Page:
South of the Polar Circle
Crossing this imaginary line means you have become a true Antarctic Explorer
The Polar Circles are two imaginary lines in the northern and southern hemispheres that denote where the Arctic and Antarctic begin.
For us, everything south of our polar circle is Antarctica. There are actually very few bases or scientific stations inside the southern polar circle as the ice conditions make getting personnel and equipment in and out difficult by ship and treacherous or impossible by air.
However, Argentina and the UK do manage to maintain permanent stations in Marguerite Bay, and Chile has a summer station at the bay entrance. This bay is below the polar circle, and your ship will do its best to cross the “line” here by sailing beyond the Biscoe Islands towards the bay if sea and ice conditions permit.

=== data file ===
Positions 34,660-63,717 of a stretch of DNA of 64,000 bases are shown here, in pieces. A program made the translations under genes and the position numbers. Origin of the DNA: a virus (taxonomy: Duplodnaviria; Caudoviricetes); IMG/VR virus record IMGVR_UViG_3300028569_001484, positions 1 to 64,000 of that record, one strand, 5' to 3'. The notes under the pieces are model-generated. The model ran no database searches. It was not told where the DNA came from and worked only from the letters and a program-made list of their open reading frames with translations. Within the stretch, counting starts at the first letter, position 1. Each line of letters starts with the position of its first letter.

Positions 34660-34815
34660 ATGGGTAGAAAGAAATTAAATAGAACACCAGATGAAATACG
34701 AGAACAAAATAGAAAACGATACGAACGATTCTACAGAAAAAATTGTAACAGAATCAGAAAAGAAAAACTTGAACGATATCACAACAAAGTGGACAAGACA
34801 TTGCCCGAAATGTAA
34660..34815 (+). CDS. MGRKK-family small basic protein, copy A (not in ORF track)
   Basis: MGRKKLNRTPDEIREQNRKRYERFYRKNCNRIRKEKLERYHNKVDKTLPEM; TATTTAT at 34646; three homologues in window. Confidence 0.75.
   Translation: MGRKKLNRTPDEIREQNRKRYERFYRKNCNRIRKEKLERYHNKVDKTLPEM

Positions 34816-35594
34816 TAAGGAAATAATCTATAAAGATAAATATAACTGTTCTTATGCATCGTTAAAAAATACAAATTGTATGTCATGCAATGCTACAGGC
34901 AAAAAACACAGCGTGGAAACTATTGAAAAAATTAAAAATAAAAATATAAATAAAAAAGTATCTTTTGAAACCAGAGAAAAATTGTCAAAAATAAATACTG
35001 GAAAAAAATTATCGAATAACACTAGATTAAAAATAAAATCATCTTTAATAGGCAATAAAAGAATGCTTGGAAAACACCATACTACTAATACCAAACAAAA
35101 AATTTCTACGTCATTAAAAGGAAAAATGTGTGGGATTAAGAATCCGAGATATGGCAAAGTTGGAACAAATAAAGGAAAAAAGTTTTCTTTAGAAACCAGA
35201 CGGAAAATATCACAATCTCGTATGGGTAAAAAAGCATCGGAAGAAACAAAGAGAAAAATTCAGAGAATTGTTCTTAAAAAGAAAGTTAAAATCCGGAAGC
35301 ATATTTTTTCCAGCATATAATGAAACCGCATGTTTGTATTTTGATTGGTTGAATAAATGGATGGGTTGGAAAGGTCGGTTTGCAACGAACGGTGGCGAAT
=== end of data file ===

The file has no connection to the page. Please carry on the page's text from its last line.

It’s a moment to celebrate, and perhaps to reflect on the lives lost in the human endeavor to explore every part of our world and to understand it for the benefit of future generations.
Interesting facts about South of the Polar Circle
Only a few expedition cruises actually venture across the polar circle. By doing so, you will have joined a very select group of world explorers and adventurers. Time to raise a glass!
Pictures of South of the Polar Circle
Highlights Close to South of the Polar Circle
Half Moon Island
Our trips to South of the Polar Circle